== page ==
In patients with type 1 diabetes, the use of insulin pumps, as compared with multiple daily injections, may decrease risk for all-cause mortality by 29% and risk for fatal cardiovascular disease by 43%, suggest data presented at the European Association for the Study of Diabetes Annual Meeting.
For this study, Soffia Gudbjörnsdottir, MD, PhD, of the University of Gothenburg, Sweden, and colleagues evaluated more than 18,000 patients with type 1 diabetes in the Swedish National Diabetes Register.
They compared data between 2,441 patients using insulin pump therapy, also known as continuous subcutaneous insulin infusion (CSII), and 15,727 patients receiving multiple daily insulin injections during a mean follow-up period of nearly 7 years.
Compared with patients using multiple daily insulin injections, patients using insulin pumps were 29% less likely to die from any cause. They were also 43% less likely to develop fatal cardiovascular disease (CVD), the researchers reported, noting that both findings reached statistical significance.
Additionally, data linked insulin pump use to an 18% reduction in risk for fatal or nonfatal coronary heart disease (CHD) specifically. Statistical significance was borderline.
Insulin pumps were also associated with decreases in risk for fatal and nonfatal CVD combined as well as for non-CVD mortality, but these findings were not statistically significant, according to results reported in a press release.
The researchers noted that unmeasured confounders, including personality, type of care, frequency of blood sugar control, diabetes education, continuous glucose monitoring (CGM) use and adherence, may affect results. Nevertheless, a sensitivity analysis indicated that they likely had little impact on the data, according to the researchers.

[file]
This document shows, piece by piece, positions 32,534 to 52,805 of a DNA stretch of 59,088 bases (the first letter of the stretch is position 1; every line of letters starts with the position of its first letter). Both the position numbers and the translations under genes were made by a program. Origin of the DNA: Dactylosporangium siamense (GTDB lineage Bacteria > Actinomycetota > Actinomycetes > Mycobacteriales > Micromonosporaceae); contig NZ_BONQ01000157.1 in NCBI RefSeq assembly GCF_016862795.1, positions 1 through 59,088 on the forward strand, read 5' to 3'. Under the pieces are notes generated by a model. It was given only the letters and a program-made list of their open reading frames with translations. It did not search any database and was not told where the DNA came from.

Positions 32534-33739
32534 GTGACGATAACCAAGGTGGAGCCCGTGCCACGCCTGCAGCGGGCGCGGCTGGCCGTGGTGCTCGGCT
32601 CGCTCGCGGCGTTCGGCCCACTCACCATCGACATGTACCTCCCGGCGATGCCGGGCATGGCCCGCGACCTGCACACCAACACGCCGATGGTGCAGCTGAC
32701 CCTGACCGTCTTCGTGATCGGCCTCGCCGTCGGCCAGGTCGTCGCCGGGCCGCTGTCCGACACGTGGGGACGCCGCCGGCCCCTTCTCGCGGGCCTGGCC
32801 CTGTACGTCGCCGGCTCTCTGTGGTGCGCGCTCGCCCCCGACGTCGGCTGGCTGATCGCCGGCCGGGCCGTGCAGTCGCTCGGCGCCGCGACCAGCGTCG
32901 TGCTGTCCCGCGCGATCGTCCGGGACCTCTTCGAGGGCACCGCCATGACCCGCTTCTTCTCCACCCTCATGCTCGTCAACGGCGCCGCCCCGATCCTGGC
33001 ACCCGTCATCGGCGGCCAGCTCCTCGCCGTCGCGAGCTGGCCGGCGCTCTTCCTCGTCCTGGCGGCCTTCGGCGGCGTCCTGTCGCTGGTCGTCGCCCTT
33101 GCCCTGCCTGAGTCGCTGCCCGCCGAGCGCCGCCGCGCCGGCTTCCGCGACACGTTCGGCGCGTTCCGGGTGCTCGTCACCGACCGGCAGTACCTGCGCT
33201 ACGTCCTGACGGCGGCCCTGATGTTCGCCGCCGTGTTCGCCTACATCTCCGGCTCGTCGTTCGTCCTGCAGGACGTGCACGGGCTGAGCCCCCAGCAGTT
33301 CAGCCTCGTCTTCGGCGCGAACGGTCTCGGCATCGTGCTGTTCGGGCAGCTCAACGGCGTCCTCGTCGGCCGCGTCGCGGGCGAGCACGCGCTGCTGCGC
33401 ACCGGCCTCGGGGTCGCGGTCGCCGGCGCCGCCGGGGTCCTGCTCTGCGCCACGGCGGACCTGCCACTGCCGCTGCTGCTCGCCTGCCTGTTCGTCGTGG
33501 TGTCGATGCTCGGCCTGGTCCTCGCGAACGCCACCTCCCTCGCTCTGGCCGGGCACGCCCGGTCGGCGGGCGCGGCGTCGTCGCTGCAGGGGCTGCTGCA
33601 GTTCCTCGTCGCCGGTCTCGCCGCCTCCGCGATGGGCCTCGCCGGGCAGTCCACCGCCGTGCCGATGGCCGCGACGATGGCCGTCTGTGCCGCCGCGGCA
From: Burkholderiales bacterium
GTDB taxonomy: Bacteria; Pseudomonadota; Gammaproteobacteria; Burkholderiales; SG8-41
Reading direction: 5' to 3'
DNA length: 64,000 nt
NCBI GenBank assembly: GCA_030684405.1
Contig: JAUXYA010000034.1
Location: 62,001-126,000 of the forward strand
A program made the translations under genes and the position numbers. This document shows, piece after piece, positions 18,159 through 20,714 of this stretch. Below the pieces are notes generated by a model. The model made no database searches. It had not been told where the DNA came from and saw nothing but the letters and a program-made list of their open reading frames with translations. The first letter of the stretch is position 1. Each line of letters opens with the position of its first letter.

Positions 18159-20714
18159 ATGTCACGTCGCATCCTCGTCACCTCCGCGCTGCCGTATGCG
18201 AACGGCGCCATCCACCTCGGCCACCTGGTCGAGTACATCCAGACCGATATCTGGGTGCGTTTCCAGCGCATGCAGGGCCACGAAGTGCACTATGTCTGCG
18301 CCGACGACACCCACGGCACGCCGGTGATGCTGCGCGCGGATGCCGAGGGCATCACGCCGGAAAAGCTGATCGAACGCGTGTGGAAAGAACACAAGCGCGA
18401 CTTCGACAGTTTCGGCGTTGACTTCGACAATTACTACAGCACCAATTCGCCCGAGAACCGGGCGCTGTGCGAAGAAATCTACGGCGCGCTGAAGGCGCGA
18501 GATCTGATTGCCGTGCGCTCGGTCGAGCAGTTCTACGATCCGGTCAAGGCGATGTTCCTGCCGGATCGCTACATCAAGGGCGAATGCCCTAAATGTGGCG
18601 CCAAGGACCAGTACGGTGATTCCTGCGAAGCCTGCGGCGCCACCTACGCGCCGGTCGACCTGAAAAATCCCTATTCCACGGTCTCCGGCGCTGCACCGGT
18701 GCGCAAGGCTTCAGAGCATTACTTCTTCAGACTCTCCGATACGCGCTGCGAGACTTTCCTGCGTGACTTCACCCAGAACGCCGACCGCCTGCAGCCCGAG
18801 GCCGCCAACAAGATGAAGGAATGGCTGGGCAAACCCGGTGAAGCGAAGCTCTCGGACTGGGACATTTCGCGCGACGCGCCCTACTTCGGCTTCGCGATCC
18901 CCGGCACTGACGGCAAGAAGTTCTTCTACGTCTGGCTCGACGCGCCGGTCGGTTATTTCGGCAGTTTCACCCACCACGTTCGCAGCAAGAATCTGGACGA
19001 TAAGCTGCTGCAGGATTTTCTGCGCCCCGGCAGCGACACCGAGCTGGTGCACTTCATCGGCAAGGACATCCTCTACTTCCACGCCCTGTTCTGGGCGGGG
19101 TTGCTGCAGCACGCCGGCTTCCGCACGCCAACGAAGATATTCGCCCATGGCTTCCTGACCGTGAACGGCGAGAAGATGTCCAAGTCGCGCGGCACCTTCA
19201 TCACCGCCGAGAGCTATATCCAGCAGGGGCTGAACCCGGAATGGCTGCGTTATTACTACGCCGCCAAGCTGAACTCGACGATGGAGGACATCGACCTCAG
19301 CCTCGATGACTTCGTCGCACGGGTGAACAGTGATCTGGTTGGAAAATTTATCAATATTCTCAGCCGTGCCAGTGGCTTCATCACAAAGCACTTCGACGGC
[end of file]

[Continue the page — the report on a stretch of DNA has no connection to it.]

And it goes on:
“The conclusion of this large observational study is that pump treatment may be associated with a lower risk of CVD and all-cause mortality than injections,” the researchers said in the release.
“This study showed that pump treatment of type 1 diabetes was beneficial with regard to long-term complications. However, it is important to note that the patients treated with pump therapy in this study were selected from the total patients with type 1 diabetes because they were able and willing to manage use of the pump,” they added.
- Gudbjörnsdottir S et al. Oral Presentation 196. Presented at: European Association for the Study of Diabetes Annual Meeting; Sept. 15-19, 2014; Vienna, Austria.